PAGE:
Those with experience of cassette players will recall that moment when the tape got warped or stuck. The flow of the music was suddenly replaced by something comically tuneless or wobbly; or else by unwanted silence.
That was the experience some student friends and I once had on a guided tour of a limestone cave. Fresh-faced earth science students, we were keen to learn of the mysterious processes that shape our earth. The guide was at the other end of the freshness spectrum.
And on your left, you will see seven stalacmites … remembering that stalacmites might grow tall, as opposed to stalactites, which … hah hah … stick tight to the roof. And these formations are known as the Seven Dwarves .. hah hah … they’re certainly not tall … (moves forward five paces.) And right behind them (shines torch in direction of a larger flowstone formation), is of course Snow White .. hah hah …
And so the commentary ran, literally monotonous, and uninterrupted save for the guide’s own interjections of simulated mirth. He had learned the tour so well that he may as well have been a tape recorder. That is until we asked our first question. Then his voice suddenly wavered, wobbled out something wordless, akin to urr or umm, then stopped. He looked at his watch, despite the near darkness, and shuffled his feet. Then, as though it might get his stalled tape recorder going again, he walked on a few paces, and shone his torch on a new formation.
Umm … and here you will see a large number of stalactites, sticking tight … hah hah … to the ceiling. And if you count them you will see that there are twelve of them, so this formation we call the twelve apostles … hah hah … and they stick tight to the ceiling, of course, because they have ascended into heaven .. hah hah …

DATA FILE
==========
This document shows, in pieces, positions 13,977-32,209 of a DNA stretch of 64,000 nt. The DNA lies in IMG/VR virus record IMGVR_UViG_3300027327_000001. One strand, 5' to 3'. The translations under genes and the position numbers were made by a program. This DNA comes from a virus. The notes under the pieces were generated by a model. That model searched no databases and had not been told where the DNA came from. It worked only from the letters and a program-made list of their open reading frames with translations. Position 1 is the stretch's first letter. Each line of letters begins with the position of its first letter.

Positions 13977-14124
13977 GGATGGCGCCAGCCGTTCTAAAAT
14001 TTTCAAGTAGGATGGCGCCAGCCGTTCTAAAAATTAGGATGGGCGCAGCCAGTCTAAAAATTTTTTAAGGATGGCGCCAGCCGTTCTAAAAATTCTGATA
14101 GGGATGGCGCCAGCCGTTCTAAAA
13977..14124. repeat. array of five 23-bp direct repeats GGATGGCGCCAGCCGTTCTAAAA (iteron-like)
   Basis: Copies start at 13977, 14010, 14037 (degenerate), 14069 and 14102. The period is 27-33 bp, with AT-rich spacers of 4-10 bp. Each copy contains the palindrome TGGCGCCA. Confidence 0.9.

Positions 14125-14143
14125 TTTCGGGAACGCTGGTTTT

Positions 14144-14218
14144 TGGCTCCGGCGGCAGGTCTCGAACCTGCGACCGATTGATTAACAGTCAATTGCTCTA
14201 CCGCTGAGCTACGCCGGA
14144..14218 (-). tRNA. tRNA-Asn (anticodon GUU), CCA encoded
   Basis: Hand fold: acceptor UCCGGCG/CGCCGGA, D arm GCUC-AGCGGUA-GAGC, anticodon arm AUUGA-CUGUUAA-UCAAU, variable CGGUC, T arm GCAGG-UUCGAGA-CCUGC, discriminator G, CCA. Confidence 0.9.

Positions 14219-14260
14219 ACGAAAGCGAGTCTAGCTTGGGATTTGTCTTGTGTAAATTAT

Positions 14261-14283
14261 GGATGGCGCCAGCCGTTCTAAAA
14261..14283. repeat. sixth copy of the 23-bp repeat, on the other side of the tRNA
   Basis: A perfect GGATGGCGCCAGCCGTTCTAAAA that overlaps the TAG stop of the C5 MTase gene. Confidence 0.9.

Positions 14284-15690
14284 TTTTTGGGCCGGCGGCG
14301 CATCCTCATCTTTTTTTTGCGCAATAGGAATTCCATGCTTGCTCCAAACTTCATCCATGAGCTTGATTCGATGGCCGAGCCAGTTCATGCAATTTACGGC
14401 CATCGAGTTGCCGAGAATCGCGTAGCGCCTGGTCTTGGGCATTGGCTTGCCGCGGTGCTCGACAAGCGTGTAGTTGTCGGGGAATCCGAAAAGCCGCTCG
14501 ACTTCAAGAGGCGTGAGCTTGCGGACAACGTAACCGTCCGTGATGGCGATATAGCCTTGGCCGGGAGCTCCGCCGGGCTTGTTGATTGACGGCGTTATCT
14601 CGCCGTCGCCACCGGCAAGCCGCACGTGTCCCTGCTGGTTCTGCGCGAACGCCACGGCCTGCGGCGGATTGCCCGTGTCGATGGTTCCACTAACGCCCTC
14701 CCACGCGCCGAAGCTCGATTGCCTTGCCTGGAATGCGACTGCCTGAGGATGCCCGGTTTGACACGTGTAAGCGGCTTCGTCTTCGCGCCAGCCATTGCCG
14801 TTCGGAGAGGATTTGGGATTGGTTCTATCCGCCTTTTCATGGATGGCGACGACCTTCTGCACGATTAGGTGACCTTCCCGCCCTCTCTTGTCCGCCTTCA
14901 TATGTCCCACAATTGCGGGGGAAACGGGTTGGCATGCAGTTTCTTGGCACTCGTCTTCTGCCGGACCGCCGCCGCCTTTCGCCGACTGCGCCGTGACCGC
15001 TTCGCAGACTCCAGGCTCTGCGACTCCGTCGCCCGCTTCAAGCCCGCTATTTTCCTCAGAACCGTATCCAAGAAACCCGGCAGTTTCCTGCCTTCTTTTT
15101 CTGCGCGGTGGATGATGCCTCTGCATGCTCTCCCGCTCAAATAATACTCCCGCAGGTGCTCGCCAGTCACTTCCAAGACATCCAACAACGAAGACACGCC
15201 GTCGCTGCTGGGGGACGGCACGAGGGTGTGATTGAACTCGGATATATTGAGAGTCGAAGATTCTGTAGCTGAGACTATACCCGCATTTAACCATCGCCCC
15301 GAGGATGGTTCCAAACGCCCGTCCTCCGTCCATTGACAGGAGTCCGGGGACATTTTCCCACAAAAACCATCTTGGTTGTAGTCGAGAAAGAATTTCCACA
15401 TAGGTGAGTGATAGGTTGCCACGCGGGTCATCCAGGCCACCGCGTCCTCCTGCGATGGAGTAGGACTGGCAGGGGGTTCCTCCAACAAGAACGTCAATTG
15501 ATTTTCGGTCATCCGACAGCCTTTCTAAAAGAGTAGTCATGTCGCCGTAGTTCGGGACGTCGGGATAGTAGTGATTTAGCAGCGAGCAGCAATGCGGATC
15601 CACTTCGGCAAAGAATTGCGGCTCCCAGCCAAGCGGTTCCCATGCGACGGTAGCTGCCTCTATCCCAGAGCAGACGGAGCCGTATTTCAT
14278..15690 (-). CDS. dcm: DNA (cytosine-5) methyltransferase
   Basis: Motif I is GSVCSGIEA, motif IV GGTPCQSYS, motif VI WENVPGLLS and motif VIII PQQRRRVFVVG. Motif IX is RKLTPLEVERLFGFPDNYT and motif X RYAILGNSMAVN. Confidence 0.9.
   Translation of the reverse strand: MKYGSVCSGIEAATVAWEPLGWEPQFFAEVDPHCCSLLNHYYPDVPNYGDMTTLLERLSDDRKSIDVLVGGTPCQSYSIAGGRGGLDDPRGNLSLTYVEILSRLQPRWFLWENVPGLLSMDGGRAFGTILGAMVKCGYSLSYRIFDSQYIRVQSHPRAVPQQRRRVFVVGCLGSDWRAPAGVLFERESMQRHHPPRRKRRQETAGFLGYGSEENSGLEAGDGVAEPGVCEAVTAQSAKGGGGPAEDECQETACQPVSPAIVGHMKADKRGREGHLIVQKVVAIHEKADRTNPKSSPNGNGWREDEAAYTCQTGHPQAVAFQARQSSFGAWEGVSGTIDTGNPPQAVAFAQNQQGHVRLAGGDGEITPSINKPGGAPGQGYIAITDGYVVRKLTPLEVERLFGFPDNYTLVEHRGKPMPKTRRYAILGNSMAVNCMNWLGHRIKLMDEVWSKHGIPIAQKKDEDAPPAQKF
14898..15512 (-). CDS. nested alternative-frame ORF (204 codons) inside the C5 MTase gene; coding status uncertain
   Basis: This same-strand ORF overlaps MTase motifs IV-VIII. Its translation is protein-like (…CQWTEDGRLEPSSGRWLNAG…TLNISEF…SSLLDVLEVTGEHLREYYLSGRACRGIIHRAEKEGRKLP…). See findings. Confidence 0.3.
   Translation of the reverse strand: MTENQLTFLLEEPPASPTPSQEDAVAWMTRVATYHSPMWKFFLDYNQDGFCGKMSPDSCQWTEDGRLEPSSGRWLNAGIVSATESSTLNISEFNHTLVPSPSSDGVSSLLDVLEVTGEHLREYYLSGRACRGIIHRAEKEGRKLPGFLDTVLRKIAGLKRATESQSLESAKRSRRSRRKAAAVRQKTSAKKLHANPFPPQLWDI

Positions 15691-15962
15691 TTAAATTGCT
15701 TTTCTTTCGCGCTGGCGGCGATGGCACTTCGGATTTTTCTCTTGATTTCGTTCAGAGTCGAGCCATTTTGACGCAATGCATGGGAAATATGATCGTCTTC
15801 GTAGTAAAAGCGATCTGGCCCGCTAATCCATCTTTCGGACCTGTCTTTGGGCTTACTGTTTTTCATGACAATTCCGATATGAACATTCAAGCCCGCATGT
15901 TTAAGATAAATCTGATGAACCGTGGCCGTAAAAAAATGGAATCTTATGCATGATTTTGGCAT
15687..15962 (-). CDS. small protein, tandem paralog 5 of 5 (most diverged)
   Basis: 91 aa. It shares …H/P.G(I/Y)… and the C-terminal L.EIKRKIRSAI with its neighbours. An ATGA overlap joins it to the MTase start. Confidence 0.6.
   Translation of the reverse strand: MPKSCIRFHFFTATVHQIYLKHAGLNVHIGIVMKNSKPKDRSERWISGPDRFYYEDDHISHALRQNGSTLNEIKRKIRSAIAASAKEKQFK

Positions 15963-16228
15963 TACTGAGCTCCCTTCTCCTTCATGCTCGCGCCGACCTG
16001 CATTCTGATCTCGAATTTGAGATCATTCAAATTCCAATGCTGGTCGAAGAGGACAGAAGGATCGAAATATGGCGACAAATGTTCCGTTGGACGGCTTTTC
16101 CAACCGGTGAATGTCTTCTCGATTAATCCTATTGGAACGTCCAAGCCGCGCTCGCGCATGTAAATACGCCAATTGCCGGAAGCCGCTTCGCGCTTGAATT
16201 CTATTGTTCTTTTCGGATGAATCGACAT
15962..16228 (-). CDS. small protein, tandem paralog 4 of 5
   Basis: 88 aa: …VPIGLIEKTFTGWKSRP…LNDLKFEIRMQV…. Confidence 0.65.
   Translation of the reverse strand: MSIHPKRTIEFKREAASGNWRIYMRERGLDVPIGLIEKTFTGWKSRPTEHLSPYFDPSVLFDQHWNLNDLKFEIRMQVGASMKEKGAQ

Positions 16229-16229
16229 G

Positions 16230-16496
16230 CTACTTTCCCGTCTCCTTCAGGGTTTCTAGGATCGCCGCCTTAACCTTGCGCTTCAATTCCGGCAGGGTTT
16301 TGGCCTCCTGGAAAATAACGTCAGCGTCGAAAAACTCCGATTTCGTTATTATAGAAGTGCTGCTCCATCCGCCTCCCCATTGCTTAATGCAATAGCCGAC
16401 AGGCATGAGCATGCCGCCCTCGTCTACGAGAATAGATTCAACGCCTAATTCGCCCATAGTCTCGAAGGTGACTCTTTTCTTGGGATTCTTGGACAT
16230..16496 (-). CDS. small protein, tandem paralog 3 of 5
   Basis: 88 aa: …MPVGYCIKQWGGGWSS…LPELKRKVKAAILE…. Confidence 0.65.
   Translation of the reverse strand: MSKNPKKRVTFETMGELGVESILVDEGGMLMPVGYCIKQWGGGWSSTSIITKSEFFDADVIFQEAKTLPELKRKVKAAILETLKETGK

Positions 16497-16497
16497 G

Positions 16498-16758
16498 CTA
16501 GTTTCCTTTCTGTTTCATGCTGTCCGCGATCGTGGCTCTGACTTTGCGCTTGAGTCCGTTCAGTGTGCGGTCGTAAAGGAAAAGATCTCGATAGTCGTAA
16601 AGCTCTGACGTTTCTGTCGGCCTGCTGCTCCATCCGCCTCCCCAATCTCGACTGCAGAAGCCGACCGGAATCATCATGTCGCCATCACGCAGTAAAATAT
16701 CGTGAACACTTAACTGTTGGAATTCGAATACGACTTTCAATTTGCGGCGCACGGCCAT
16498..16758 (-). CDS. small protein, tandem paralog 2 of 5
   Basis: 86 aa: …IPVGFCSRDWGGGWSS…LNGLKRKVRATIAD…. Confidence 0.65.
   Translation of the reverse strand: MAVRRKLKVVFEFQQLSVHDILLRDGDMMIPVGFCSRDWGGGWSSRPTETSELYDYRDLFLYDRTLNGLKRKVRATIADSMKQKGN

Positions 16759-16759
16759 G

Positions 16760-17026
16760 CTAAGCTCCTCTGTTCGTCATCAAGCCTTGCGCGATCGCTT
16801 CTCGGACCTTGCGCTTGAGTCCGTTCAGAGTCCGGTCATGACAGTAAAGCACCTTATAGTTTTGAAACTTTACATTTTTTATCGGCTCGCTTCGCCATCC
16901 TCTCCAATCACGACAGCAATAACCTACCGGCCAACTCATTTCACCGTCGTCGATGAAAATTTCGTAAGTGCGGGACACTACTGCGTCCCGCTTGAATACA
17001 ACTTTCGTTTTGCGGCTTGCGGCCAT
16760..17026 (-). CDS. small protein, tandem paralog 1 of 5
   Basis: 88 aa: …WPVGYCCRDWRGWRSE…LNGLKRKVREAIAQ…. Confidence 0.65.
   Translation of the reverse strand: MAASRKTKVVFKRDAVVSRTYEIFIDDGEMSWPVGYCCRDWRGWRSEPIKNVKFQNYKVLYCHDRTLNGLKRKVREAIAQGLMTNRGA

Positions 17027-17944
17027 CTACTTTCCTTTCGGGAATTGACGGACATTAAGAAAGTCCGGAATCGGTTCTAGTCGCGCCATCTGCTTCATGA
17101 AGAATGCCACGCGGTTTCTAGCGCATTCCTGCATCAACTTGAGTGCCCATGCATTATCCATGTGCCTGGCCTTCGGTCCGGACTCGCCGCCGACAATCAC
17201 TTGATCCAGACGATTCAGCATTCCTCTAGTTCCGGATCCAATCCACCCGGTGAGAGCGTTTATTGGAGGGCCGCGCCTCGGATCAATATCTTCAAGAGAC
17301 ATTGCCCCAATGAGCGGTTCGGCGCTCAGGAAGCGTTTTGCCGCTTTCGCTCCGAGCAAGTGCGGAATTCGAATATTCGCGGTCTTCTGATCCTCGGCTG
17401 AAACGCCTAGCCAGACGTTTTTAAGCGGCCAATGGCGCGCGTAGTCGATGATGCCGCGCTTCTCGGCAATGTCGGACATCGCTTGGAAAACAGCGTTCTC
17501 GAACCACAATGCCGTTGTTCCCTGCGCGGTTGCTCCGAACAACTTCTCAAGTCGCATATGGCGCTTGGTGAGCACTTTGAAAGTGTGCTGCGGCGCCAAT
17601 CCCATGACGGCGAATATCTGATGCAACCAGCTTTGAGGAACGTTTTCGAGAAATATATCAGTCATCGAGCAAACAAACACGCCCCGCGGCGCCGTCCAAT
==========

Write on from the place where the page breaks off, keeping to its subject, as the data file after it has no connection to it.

Formations reflected in Lake Cave, WA
We ventured one more question, with similar results, before surrendering to the flow of pre-recorded similes: The Ten Commandments coming down from on high; Ali Baba and the Forty Thieves sneaking up behind us; The Three Musketeers, with their rapier swords held erect (and here a genuine snigger).
Our guide may have been a crass example, but it is is true that most of us seek out the familiar when confronted with the strange. When it comes to caves, according to Kathleen Jamie, “it’s reassuring, in this gallery of uncanny forms, to map them onto things we know in the world outside. … We are deep in a hall of similes.” (Sightlines, p 166)
In the caves of Western Australia’s Margaret River region, we found some restrained echoes of this urge. Certainly the similes were not as crass as those of my student experience. Yet it still felt as though the beauty of some limestone formations had to be adorned with names, or with artificial lights, in order to make the “accessible”. In one cave the formations were given a coloured light show, changing them from cream to red to green to blue to purple. It was akin to seeing the Mona Lisa turned into a red-head, then given a blonde look, and finally a blue rinse.
Gladly our experience in most caves was more natural and positive. We were given the space and time – and sufficient information – to be mind-boggled by the strange-but-true processes that lead to the incredible beauty beneath the region's forests and vines. To see, for example, karri tree roots deep inside a cave, and in the process of allowing water to penetrate, and create formations, was more wondrous than any light show.
Sometimes the blessings of freshly baked bread are sufficient in themselves. Sometimes we don’t need spreads. Just plain bread, perhaps with a glass of wine – that other blessing of Margaret River limestone – can be the taste of heaven on earth.